It was weird in that, often I could still ssh to the machine and run some programs, but anything that pulled lots of blocks from root or try to flush to root would go into state D and never return. That includes, oh, shutdown, reboot, init, and the like... :( I was able to load an IPMI utility and tell the PMU to reset the system, though, and it would come up like nothing ever happened.

The solution was to delete the RAID metadata block and reboot, which switched the root mount to the underlying device instead of the devicemapper. No more RAID, but no more strange diskIO issues either. With a little resize2fs and fdisk magic, I could then repartition the non-used mirror drive as an mdadm mirror, reboot onto it and sync to the other to regain my redundancy.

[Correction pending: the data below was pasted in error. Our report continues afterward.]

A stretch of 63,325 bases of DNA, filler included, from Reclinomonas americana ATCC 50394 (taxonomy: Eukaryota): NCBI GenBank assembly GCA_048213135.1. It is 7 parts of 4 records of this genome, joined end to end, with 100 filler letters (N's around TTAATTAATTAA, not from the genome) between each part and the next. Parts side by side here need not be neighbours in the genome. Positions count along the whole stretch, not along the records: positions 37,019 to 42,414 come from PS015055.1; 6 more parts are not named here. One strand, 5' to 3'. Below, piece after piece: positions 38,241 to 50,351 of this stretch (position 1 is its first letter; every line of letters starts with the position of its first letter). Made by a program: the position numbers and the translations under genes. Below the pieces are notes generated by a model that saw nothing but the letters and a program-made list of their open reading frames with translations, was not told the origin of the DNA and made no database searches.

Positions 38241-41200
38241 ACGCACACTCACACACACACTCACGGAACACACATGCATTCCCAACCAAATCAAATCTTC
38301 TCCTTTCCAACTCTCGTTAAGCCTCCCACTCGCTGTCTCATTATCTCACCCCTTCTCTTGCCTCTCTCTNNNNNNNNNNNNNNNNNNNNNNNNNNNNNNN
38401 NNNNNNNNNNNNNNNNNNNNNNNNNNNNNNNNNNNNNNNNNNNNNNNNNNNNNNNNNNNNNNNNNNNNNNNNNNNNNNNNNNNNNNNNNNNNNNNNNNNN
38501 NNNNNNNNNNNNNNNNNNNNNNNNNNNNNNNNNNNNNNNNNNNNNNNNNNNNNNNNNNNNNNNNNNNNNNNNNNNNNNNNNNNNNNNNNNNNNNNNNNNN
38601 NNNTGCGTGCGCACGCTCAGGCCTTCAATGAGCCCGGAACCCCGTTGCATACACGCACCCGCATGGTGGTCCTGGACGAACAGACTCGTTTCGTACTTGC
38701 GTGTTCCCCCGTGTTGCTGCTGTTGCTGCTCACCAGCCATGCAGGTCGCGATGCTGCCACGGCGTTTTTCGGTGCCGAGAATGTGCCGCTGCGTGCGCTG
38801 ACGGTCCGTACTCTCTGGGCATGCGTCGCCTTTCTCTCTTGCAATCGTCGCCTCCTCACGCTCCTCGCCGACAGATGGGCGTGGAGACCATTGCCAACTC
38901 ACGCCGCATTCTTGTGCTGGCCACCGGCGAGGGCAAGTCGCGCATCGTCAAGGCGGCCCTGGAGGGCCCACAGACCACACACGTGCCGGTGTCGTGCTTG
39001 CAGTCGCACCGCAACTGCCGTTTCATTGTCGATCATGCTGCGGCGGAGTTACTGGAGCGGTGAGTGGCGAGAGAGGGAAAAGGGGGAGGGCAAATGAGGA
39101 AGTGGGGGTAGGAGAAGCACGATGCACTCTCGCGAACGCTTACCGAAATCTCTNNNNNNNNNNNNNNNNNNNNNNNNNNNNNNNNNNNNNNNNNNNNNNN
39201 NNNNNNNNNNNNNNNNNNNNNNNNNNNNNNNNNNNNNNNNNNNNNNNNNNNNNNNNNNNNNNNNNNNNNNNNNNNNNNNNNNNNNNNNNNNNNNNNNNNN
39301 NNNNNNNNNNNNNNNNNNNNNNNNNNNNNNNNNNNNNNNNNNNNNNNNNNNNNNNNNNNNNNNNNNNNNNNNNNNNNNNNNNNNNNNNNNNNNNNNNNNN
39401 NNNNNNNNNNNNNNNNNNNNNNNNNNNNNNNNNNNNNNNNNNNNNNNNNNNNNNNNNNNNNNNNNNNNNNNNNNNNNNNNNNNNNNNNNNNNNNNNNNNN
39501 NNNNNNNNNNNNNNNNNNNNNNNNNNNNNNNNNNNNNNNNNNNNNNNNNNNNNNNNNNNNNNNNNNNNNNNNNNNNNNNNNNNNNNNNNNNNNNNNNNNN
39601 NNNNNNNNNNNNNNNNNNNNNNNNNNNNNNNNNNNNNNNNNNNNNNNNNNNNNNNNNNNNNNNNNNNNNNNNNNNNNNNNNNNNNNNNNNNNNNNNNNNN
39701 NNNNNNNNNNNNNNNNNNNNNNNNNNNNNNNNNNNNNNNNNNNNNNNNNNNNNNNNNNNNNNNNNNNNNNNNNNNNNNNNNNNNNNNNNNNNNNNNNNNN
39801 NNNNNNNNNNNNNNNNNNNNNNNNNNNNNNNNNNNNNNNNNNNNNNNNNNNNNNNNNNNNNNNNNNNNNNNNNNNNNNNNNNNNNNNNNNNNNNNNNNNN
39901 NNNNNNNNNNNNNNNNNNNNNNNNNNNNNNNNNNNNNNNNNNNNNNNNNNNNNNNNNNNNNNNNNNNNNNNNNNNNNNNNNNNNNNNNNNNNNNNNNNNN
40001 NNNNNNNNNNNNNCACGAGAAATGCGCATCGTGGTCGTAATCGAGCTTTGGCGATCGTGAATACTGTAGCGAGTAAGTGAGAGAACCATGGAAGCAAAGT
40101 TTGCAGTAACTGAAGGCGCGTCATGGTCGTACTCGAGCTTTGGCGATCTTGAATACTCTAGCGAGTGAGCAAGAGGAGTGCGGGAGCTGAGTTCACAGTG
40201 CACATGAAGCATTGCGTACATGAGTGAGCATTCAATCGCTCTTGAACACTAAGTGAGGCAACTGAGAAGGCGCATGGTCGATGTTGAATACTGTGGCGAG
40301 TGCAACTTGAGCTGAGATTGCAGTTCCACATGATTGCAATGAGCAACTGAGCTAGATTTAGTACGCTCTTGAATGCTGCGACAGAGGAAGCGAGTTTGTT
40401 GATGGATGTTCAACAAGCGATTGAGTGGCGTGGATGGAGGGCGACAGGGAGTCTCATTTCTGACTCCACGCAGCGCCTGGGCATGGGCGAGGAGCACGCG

Good times!

Comment Re:Decline public money (Score 1) 143

That's what I was thinking too. To say there's a left and a right side implies that there are two equal sides, not one group based on science and reality and another "side" with tone deaf zealots who eschew facts and reality for internal monologue and self-reinforcing religious beliefs. But that's just my opinion...